Taiwanese street food with a hipster LA twist
Located on a bustling street corner in Highland Park, Joy Restaurant emanates chill vibes and an intimate liveliness. The modern and hipster restaurant brings a small part of Taiwanese street food and nightlife to the streets of Los Angeles while maintaining its unique style. We had the pleasure of speaking with Vivian Ku, the founder of Joy Restaurant and Pine and Crane, who shared with us her journey as a restaurant owner and an Asian American growing up in California.
Vivian started Joy Restaurant as a sister restaurant to her first restaurant, Pine and Crane. Her team was growing and she wanted to challenge herself and find a new environment. With this in mind, she created Joy with a similar menu but a smaller kitchen and a fresh concept: to replicate a Taiwanese dining experience with a small kitchen and space where people can come together. Before Pine and Crane, Ku struggled with committing to the restaurant career but says it was easier to start a restaurant the second time around because she was now sure that the restaurant career was for her. She borrowed money from her family and friends and faced the risk that comes with any entrepreneurial endeavor.
Growing up on a farm in Bakersfield, California, freshly harvested vegetables were part of Vivian’s daily life. This greatly influenced her appreciation for fresh produce and simple food. Though her mother wasn’t great at cooking, Vivian tasted parts of her Taiwanese heritage through eating homemade noodles at her grandparents’ house. From then on, Vivian’s passion for Taiwanese cuisine and specifically, Taiwanese street food only grew. She was drawn to the casual nature of street food that reaches a large audience and brings everyone together. At the end of the day, everyone can appreciate the food without classism involved. With street food as her inspiration, Vivian aimed to make Joy Restaurant genuine and hospitable, hiring those who enjoy feeding others. Everything at Joy is handmade, and Vivian draws inspiration from her formal training, experience working in different restaurants in Taiwan, and traditional recipes from her childhood.
As a minority growing up in a predominantly white area, Vivian mainly identified with her “American side,” but now as an adult, she has reconciled her Taiwanese heritage and American identity and even finds it hard to tell the two apart. She lives “between worlds” and involuntarily switches on different parts of her identity depending on the situation. At times, she even feels both identities simultaneously. While she did not face much racism growing up, Vivian has felt the microaggressions that populate the everyday life of an Asian business owner. While Ku acknowledges racism, she believes that humanity is innately beautiful and chooses to focus on the good.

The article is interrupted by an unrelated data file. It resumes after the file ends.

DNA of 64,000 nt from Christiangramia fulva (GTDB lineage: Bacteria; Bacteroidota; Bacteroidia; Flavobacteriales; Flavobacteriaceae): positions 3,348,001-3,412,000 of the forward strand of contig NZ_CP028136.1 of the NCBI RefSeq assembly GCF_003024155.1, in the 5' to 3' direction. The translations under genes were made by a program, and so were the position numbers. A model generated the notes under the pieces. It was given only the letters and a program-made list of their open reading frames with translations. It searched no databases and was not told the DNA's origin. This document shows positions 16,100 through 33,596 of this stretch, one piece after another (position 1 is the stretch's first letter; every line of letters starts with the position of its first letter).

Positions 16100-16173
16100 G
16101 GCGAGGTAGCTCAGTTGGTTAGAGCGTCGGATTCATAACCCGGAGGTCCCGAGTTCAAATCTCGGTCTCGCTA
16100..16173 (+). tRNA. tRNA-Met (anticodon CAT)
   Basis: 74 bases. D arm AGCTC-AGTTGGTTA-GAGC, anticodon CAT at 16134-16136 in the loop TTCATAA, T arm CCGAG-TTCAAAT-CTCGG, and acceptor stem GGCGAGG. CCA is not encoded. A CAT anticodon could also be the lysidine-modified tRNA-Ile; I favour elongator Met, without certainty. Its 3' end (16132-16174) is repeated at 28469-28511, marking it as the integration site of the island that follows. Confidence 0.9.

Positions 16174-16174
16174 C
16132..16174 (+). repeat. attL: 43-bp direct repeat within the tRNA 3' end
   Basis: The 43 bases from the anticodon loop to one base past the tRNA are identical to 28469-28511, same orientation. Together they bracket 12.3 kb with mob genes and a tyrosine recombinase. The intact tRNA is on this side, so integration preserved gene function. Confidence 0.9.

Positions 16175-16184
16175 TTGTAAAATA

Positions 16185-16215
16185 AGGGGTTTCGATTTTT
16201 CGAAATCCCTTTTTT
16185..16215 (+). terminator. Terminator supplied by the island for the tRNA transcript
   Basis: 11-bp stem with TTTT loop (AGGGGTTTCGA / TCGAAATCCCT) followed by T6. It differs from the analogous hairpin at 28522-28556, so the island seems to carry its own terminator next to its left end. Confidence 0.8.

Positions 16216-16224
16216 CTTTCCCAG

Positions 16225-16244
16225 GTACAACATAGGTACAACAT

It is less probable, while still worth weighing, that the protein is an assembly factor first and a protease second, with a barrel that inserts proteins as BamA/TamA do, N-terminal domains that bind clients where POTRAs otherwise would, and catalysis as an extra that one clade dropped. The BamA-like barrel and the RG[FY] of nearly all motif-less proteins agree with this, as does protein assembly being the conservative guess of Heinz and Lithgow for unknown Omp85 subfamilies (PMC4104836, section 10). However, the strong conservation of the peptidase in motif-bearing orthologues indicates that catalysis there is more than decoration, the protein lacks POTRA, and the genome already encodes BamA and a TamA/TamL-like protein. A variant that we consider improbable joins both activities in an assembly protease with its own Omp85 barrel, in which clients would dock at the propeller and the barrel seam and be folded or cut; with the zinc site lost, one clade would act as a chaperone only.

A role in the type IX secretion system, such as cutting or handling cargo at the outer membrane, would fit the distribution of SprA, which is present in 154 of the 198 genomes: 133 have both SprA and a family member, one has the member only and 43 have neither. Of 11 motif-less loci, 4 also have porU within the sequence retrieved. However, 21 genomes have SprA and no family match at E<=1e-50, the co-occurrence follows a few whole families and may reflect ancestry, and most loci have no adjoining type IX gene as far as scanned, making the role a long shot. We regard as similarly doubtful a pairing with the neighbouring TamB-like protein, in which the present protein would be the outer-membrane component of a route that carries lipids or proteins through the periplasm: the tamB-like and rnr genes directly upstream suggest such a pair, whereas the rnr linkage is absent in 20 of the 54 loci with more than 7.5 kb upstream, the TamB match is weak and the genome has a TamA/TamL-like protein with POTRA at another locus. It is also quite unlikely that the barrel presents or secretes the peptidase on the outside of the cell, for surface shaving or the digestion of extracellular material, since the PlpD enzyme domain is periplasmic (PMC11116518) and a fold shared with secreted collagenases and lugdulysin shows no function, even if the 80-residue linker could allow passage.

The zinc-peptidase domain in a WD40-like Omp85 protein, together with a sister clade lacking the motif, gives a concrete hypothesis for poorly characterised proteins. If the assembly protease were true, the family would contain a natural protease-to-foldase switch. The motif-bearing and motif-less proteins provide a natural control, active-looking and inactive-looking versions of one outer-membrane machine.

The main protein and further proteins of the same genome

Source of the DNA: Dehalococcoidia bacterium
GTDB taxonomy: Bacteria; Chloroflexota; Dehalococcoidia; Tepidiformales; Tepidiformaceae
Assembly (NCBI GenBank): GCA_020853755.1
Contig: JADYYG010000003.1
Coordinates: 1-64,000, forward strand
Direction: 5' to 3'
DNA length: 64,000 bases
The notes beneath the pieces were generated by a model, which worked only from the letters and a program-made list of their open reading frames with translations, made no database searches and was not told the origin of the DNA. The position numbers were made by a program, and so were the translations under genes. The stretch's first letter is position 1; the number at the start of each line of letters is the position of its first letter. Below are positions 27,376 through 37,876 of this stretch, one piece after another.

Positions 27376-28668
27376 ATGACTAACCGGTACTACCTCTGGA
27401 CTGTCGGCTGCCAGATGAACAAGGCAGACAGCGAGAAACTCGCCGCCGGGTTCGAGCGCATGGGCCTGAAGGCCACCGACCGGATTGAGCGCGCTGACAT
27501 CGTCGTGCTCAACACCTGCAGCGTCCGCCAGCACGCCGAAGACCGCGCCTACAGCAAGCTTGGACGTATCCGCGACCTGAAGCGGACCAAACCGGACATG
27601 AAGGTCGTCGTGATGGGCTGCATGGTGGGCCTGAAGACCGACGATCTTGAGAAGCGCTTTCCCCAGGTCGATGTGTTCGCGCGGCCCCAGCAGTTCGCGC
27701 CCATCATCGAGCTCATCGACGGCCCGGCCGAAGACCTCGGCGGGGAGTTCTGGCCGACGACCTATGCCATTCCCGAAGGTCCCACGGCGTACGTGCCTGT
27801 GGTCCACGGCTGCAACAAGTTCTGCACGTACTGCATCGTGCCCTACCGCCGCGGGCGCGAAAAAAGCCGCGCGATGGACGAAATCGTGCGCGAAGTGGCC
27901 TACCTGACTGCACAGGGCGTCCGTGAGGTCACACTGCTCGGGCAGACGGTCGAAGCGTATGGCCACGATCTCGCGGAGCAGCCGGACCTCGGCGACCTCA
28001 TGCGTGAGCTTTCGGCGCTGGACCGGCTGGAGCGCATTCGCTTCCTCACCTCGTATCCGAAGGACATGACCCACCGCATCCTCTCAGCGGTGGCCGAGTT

One of the things that shines most about Vivian is her positivity. While this Covid-19 pandemic has been challenging for business owners everywhere, Vivian has been working through it by prioritizing the health and safety of her team and guests. The pandemic forced Joy to revamp its technology and put a strain on everybody, but ultimately these changes allowed the restaurant to adapt. She says she always looks back on things she would have done differently, but it is part of learning. She tries not to have regrets because good things usually stem from the bad. Her warmth and care towards others are reciprocated, and her guests continually express care over how she and her team are doing during this period. While not all people have been pleasant, Vivian is confident that the good and beautiful trump all the bad and ugly sides of humanity. Even when some people aren’t as understanding, everything should be taken with a grain of salt because “nobody is perfect and everyone has bad days.” Vivian’s priority is to focus on staying positive and finding ways to bring joy to as many in the community as she can.
Talking to Vivian was an eye-opening and insightful experience for all of us at Jia! She brought joy and positivity to our lives during a pressing time and shared her world view as well. We aspire to be like her and focus on the positives, see the kindness and beauty in everyone, and go with the flow. Visit Joy Restaurant! They are open for takeout and delivery!
Visit Joy on York!
Location: 5100 York Blvd, Los Angeles, CA 90042
Takeout: (323) 999-7642 | Delivery: Doordash, Postmates, Grubhub, UberEats, and more